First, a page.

The need for your child to have therapeutic support can happen at any time following a divorce or other family court action. It can happen before, during, or after family law litigation or during the course of custodial exchanges. A parent with custody of their child must be familiar with the signs that their child may require medical or mental health support and should react by providing support when support is needed. Failure to provide a child adequate support can make the parent of the child negligent in the event of a medical need or a life threatening emergency. Serious concerns should be addressed with a therapist or health care provider as soon as possible to avoid further negative reactions or irreparable harm.

Child Custody, Signs that you’re Child May Need Therapeutic Help / Counseling:

• Developmental delay or a relapse of behavior to an earlier age – regressing in milestones and exhibiting a failure to thrive.
• Learning difficulties or attention problems.
• behavioral problems; such as, excessive anger, acting out, bedwetting, eating disorders, significant decline in grades/ academic motivation especially if your child normally maintains high grades.
• episodes of sadness, tearfulness, or depression.
• social withdrawal or isolation.
• being the victim of bullying or bullying other children.
• decreased interest in previously enjoyed activities.
• Overly aggressive behavior (such as biting, kicking, or hitting) and or a lack of compliance to authority – school officials, police, or professionals.
• sudden changes in appetite (particularly in adolescents).
• insomnia or increased sleepiness.
• excessive school absenteeism or tardiness.
• mood swings (i.e. happy one minute and upset the next).
• development of or an increase in physical complaints (such as headache, stomachache, or not feeling well) despite a normal physical exam by your doctor.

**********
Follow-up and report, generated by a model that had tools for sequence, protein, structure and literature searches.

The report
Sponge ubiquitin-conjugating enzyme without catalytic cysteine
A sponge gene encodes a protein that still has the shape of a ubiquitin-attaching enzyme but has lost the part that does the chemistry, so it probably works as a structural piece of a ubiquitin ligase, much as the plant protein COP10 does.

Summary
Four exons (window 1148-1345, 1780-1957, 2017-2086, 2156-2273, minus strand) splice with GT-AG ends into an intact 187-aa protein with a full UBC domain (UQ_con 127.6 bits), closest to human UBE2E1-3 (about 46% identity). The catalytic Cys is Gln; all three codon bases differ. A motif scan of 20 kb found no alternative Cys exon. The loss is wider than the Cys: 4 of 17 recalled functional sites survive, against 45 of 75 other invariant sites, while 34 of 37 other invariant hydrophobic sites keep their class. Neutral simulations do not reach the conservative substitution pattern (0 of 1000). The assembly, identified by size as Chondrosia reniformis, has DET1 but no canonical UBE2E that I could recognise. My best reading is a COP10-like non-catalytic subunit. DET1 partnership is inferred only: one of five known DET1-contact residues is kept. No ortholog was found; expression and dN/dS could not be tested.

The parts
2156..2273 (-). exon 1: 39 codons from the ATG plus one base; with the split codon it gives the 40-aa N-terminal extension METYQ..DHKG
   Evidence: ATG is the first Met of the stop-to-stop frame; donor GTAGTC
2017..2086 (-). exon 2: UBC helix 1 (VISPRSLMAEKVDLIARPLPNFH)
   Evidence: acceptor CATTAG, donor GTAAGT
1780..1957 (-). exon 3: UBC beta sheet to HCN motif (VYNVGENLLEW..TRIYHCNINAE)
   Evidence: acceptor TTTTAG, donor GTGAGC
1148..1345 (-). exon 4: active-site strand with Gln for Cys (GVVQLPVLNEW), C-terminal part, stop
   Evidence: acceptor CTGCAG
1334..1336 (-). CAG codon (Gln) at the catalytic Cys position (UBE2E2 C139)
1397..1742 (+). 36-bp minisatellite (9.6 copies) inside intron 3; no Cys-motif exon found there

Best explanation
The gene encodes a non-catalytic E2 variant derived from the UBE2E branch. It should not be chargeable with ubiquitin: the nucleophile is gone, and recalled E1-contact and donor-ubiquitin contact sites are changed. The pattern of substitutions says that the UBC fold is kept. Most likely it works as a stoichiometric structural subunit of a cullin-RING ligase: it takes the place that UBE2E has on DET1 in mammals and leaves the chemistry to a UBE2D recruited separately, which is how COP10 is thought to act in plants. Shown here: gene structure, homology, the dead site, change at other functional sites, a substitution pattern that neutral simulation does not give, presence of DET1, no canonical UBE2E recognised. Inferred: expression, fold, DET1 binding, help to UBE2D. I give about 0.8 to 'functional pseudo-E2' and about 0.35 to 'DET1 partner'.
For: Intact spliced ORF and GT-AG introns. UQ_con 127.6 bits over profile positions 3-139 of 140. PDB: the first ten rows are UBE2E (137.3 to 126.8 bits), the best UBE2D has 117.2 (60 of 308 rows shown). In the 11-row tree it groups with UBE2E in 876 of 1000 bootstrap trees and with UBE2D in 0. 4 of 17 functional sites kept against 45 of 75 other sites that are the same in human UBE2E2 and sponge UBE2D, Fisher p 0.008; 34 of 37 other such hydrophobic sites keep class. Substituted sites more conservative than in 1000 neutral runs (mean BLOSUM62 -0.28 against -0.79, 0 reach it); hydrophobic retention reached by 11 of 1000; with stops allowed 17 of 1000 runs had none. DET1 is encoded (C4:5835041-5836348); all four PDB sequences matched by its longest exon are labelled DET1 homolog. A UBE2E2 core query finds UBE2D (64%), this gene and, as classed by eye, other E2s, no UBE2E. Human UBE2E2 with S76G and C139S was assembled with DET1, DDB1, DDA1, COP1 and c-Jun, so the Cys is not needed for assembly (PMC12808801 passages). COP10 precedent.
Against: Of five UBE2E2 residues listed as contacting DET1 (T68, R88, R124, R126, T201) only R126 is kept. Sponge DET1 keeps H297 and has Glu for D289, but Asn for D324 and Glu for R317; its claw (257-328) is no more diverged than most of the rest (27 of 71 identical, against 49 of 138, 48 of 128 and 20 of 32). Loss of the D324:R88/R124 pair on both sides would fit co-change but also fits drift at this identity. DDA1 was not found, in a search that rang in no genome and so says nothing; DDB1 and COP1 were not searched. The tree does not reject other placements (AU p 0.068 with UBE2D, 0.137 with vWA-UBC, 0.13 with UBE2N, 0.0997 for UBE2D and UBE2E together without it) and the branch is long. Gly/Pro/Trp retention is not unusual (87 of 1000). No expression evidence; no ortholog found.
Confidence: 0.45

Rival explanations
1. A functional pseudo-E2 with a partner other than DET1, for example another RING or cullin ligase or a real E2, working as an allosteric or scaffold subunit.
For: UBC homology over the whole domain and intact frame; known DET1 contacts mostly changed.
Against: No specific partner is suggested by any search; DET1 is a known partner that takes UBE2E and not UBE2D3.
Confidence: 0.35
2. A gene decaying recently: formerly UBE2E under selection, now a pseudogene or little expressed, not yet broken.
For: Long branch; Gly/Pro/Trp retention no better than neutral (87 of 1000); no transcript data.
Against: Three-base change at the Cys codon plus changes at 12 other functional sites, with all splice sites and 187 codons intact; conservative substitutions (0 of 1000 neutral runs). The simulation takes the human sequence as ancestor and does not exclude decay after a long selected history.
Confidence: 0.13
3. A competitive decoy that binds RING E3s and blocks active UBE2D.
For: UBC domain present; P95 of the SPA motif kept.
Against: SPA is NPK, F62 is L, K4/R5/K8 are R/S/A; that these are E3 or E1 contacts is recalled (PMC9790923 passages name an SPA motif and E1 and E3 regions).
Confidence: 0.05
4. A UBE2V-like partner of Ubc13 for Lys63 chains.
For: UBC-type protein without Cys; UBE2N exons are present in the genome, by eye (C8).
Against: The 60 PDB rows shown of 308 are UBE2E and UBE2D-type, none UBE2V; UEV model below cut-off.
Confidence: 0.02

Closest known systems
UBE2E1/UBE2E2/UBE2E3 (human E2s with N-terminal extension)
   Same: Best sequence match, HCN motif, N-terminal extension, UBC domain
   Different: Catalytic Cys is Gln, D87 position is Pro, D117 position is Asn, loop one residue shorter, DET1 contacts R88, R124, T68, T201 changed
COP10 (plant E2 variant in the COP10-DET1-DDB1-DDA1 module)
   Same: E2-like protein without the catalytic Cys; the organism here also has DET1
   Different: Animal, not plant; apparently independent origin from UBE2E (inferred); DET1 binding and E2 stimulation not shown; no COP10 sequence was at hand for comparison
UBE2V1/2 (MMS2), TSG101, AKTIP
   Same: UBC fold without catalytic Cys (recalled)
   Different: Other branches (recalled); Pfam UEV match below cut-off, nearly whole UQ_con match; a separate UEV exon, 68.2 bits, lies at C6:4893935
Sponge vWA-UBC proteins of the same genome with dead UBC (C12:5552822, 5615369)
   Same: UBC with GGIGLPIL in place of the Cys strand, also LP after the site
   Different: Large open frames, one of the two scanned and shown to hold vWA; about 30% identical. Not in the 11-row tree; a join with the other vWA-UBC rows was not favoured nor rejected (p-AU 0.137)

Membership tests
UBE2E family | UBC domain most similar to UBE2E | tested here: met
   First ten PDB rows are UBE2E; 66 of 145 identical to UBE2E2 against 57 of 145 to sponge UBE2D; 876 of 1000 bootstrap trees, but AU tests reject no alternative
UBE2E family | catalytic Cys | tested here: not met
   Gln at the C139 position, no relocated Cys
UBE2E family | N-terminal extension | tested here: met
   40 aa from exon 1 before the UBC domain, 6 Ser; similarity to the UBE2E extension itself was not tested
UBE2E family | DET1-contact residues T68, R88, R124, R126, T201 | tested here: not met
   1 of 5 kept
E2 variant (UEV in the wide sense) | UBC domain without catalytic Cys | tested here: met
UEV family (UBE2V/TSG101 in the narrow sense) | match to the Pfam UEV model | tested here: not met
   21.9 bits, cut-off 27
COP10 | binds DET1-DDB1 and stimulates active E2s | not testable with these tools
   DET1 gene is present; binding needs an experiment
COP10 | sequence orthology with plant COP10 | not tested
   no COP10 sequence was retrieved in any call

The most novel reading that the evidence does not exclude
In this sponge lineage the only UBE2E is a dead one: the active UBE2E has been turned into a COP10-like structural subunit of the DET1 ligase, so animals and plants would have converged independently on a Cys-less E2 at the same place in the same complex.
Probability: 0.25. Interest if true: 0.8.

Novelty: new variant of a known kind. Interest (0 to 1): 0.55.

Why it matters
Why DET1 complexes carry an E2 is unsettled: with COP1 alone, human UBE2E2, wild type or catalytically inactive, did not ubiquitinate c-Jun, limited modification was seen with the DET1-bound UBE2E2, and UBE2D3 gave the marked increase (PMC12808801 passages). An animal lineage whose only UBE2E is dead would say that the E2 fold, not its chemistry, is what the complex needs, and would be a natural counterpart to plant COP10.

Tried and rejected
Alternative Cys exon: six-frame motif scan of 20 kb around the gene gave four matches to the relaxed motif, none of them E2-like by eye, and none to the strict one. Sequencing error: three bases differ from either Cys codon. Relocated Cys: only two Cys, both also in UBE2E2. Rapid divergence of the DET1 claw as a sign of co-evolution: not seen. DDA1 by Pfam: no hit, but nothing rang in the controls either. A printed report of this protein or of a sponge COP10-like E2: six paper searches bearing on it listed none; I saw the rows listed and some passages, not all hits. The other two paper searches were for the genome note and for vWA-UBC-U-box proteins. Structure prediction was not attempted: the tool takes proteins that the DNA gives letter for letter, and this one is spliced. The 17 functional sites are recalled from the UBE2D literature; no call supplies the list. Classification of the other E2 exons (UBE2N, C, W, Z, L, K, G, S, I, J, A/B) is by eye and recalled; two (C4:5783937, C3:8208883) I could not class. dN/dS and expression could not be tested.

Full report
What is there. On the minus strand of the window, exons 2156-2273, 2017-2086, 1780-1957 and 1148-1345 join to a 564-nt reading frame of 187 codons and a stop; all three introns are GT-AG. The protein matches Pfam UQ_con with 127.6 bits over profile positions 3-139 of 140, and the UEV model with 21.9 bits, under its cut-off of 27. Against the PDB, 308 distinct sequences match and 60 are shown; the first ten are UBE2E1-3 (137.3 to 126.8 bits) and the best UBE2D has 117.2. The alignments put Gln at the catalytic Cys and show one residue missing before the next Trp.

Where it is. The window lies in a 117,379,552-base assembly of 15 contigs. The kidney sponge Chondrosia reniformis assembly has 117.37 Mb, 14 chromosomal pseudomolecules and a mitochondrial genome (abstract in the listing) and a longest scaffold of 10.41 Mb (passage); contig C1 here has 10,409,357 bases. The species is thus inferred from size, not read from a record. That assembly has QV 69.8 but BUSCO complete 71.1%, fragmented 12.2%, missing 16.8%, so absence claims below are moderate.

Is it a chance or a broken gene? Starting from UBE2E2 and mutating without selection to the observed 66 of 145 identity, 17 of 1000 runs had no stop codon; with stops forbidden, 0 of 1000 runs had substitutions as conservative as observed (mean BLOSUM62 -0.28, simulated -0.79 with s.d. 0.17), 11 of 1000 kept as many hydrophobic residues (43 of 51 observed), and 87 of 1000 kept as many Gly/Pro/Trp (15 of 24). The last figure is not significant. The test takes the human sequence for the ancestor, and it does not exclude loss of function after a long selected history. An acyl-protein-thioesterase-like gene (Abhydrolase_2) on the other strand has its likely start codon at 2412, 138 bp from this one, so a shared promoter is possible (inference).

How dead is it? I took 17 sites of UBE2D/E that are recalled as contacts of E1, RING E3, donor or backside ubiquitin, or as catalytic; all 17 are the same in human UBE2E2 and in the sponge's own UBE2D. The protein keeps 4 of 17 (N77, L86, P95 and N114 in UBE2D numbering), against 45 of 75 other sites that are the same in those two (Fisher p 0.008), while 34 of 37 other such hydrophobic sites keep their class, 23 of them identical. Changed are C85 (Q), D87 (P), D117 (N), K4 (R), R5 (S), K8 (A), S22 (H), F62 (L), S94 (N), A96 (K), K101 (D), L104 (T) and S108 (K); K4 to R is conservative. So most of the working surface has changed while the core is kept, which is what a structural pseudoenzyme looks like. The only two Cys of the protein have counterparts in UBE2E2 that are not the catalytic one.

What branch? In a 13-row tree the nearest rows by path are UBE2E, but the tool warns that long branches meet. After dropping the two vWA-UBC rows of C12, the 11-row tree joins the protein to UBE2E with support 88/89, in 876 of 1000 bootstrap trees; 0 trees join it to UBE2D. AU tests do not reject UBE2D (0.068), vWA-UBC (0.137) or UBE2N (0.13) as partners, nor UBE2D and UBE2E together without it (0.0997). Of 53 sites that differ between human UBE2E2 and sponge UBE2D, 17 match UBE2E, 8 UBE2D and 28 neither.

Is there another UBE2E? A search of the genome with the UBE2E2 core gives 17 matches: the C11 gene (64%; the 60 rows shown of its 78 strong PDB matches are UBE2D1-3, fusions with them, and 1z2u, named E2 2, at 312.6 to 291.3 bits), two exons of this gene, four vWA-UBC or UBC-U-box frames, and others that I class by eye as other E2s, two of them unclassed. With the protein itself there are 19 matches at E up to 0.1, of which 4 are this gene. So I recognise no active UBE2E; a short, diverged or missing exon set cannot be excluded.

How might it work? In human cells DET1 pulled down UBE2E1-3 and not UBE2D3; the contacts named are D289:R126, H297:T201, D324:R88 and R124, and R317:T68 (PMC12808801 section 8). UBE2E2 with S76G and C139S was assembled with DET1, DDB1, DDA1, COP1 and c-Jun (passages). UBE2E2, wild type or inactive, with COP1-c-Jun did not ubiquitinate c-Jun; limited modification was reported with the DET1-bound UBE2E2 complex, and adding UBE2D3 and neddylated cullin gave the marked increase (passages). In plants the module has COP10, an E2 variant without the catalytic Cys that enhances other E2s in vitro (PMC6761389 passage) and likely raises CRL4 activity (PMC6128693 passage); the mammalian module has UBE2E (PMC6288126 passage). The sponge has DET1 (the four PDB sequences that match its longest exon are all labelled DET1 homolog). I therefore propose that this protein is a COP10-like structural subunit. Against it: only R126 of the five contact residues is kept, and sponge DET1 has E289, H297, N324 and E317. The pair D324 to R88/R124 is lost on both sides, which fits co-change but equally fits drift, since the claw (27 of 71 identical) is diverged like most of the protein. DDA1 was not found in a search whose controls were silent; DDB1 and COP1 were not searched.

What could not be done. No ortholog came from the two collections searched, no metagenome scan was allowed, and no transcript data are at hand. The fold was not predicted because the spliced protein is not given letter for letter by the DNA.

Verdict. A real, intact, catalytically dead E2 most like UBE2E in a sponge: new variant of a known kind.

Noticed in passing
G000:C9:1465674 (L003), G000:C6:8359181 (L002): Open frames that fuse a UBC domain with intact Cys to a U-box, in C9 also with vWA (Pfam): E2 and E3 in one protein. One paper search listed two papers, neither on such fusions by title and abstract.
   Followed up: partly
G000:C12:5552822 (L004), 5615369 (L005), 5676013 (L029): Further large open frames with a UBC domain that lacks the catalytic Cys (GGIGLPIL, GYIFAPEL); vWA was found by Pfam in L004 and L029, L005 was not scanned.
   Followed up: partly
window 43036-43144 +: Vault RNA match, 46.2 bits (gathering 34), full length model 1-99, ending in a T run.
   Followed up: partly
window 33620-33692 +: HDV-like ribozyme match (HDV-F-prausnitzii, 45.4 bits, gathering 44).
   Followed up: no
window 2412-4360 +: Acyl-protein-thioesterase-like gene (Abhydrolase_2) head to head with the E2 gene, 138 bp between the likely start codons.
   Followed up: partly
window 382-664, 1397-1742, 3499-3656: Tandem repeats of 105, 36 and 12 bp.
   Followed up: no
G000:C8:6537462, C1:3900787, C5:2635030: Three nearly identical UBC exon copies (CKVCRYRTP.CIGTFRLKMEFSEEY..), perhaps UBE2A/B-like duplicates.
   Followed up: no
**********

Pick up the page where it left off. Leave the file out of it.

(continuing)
• management of a serious, acute, or chronic illness.
• signs of alcohol, drug, or other substance use (such as solvents or prescription drug abuse).
• problems in transitions (following separation, divorce, or relocation).
• bereavement issues.
• custody evaluations.
• following sexual, physical, or emotional abuse or other traumatic events.

The signs of emotional and psychological issues following a family law case are exceptionally common and can manifest themselves in a variety of ways – increasing in number or severity over time. A therapist should definitely be called when any of the signs interferes in a child’s ability to maintain daily activities or routines. In some family law cases an attorney will need to be contacted for legal advice on how to handle the legal aspect of the situation or request for an emergency hearing to protect and benefit the child.

If abuse/ neglect is discovered and reported to authorities/ DCFS then the child should automatically receive therapist support. If the symptoms are believed to be the direct result of Hostile Aggressive Parenting or Parent Alienation Syndrome then the courts should be notified prior to treatment of the situation and the effected parent should request for emergency relief and therapeutic intervention.

Child Custody, Additional Indicators that Therapy is Necessary:

• Heightened separation anxiety
• Interference in normal family functions
• Unrealistic fears, paranoia, unreasonable refusals
• False auditory or visual sensations, false memory, altered levels of awareness
• Depression, suicide, assault, property damage

Child Custody, How a Therapist May Help:

A therapist may identify the actual problem causing the adverse emotional or psychological reaction and develop an adequate treatment plan and goals of therapy. A therapist may also testify on behalf of the problems identified and the treatment plan of the child in a court of law— if necessary. If the therapist is court appointed then they may offer their recommendations to the court to enforce such treatment or prevent any actions that may interfere in the treatment program. Therapy intervention may prevent the continuance of emotional and psychological reactions in response to the adverse stimulus the child is experiencing- allowing the child to recover. Lastly a therapist may provide a child with adequate coping mechanisms to prevent the child from relapse in the future in similar situations. If you believe there is an emergency however it is necessary to contact 911 for assistance.